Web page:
A decade has passed since Forbes magazine introduced its World's 100 Most Powerful Women list, the latest of which was released on Wednesday. In some ways, little has changed. Angela Merkel, the Chancellor of Germany, leads the list for the fourth consecutive year. Yet this year's list has more self-made billionaires, more technology entrepreneurs, and more women using their power in one domain to influence a different sphere. All together, the list contains twenty-eight C.E.O.s (compared with twenty-four last year), eighteen entrepreneurs (two more than last year) and nine heads of state; there are also several entertainers, media moguls, and philanthropists.
To come up with the list, Forbes looks at four factors: money, media presence, impact, and spheres of influence. The names among the top 10 women tend not to shift much year to year (though this year the Federal Reserve chair Janet Yellen made her debut on the list at No. 2, and the General Motors C.E.O. Mary Barra and I.B.M. C.E.O. Virginia Rometty climbed into the top ten for the first time).The philanthropist Melinda Gates, Bill Gates's wife, remains the third most powerful woman in the world; the President of Brazil, Dilma Rousseff, the International Monetary Fund head Christine Lagarde, the former U.S. Secretary of State Hillary Clinton, the First Lady Michelle Obama, and the Facebook C.O.O. Sheryl Sandberg swapped places in an august game of musical chairs.
These days, it's not as novel for a woman to helm a country or a company. Also over the past decade, a new technology emerged that helps bring down traditional barriers to power: social media. "Women are wielding power in ways that didn't exist ten years ago," Moira Forbes, publisher of ForbesWoman, said. "Power has been democratized in some ways." The actress Yao Chen (No. 83) leveraged her fifty-two million followers on the Chinese social media site Weibo to become a "goodwill ambassador" with the U.N. refugee agency. The Cisco chief technology officer Padmasree Warrior (No. 71) is on the list partly because shehas amassed more than 1.4 million Twitter followers.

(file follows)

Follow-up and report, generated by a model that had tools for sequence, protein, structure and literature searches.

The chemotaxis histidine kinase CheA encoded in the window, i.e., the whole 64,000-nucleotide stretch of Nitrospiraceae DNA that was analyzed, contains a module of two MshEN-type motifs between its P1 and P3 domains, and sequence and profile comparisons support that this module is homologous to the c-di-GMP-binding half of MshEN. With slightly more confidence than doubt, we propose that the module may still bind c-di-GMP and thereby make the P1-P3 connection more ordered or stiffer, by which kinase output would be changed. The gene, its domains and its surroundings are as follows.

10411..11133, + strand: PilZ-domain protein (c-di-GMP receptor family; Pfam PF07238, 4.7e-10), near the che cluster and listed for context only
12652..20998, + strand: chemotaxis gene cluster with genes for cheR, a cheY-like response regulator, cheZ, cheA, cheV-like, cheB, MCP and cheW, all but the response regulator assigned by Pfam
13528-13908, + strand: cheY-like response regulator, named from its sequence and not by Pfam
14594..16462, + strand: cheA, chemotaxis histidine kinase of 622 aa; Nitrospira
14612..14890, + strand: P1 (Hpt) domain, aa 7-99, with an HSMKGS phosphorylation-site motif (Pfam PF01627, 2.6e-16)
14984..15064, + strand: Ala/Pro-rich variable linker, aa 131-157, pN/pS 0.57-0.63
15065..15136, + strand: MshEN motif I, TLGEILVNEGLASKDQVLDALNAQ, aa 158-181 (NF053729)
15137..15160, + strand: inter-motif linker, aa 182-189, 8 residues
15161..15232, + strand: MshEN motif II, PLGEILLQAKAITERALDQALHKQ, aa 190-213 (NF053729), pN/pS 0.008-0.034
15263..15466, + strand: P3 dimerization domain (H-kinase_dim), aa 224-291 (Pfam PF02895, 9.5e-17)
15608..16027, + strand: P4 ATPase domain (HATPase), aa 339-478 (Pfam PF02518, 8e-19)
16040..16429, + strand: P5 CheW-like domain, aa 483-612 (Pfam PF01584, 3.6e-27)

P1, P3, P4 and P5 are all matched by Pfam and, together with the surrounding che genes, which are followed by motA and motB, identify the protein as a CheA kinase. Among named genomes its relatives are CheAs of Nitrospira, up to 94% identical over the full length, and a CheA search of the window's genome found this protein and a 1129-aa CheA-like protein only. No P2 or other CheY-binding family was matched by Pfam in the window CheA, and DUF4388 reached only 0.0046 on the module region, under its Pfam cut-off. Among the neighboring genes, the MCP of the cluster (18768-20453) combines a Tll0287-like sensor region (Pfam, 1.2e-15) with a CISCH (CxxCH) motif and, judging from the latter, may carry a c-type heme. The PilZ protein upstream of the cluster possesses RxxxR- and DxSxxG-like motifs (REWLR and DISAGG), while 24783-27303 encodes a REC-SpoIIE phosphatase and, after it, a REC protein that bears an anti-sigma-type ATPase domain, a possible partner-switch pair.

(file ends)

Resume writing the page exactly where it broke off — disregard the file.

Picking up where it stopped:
Power is difficult to calculate, a squishy idea to define much less quantify. But barriers to entry are lower than ever before, thanks to the growing reach of social media. In this new age, Twitter followers and Facebook fans go a long way in cementing one's power, and not only for entertainers like Oprah (No. 14), Beyonce (No. 17) and Angelina Jolie (No. 50). There are several routes to global power – climbing the corporate ladder, becoming a lifelong civil servant, building upon an inheritance, to name a few – but the road traditionally less taken – entrepreneurship – appears to be an increasingly popular path. Take, for example, the three fashion designers on the Forbes list this year, all of whom used their fortunes to support other women. Diane von Furstenberg (No. 68) helps more than a dozen non-profits through her foundation and the DVF Awards to honor women who have changed the world. Tory Burch (No. 79) also has a foundation to provide female entrepreneurs with small business loans and mentoring. Folorunsho Alakija (No. 96), now the wealthiest Nigerian, started a clothing line in the 1980s and began investing in oil shortly after. Now she helps other women, though her Rose Sharon Foundation, which supports widows in Africa.
Still, many newcomers to the list continue to hail from traditional bastions of power: the U.S. Ambassador to the U.N. Samantha Power (No. 63), the Nasdaq president of global information and technology Adena Friedman (No. 69), and the Governor of the Bank of Russia Elvira Nabiullina (No. 72), for example. Meanwhile, the categories into which the powerful women are organized reveals as much about the state of power as the names listed. This year's list is divided into eight spheres of influence: billionaires, business leaders, lifestyle entrepreneurs and celebrities, media moguls, philanthropists, politicians, technology, and finance. (The latter is new this year.) The sixcategories on 2004's inaugural list included executives, women in media and entertainment, and presidents and prime ministers. It also included heiresses, queens and wives.
Most parts of the world are more accustomed to seeing women in positions of power and, as a result, becoming more accepting. That's due in part to the existence of the lists themselves, Nancy Rothbard, a professor of management at the Wharton School of the University of Pennsylvania, told me. Lists are more than a tactic to appeal to our collective desire to sort and classify. They're chock full of "role models for a path that you envision yourself on as a woman," Rothbard said. "It gives a concrete view in your mind that it is possible." The cumulative effect of lists like Forbes', and Fortune magazine's Most Powerful Women in Business, which is limited to corporate executives and 50 at that, then, is larger than the sum of its parts. If you can see it, you can be it.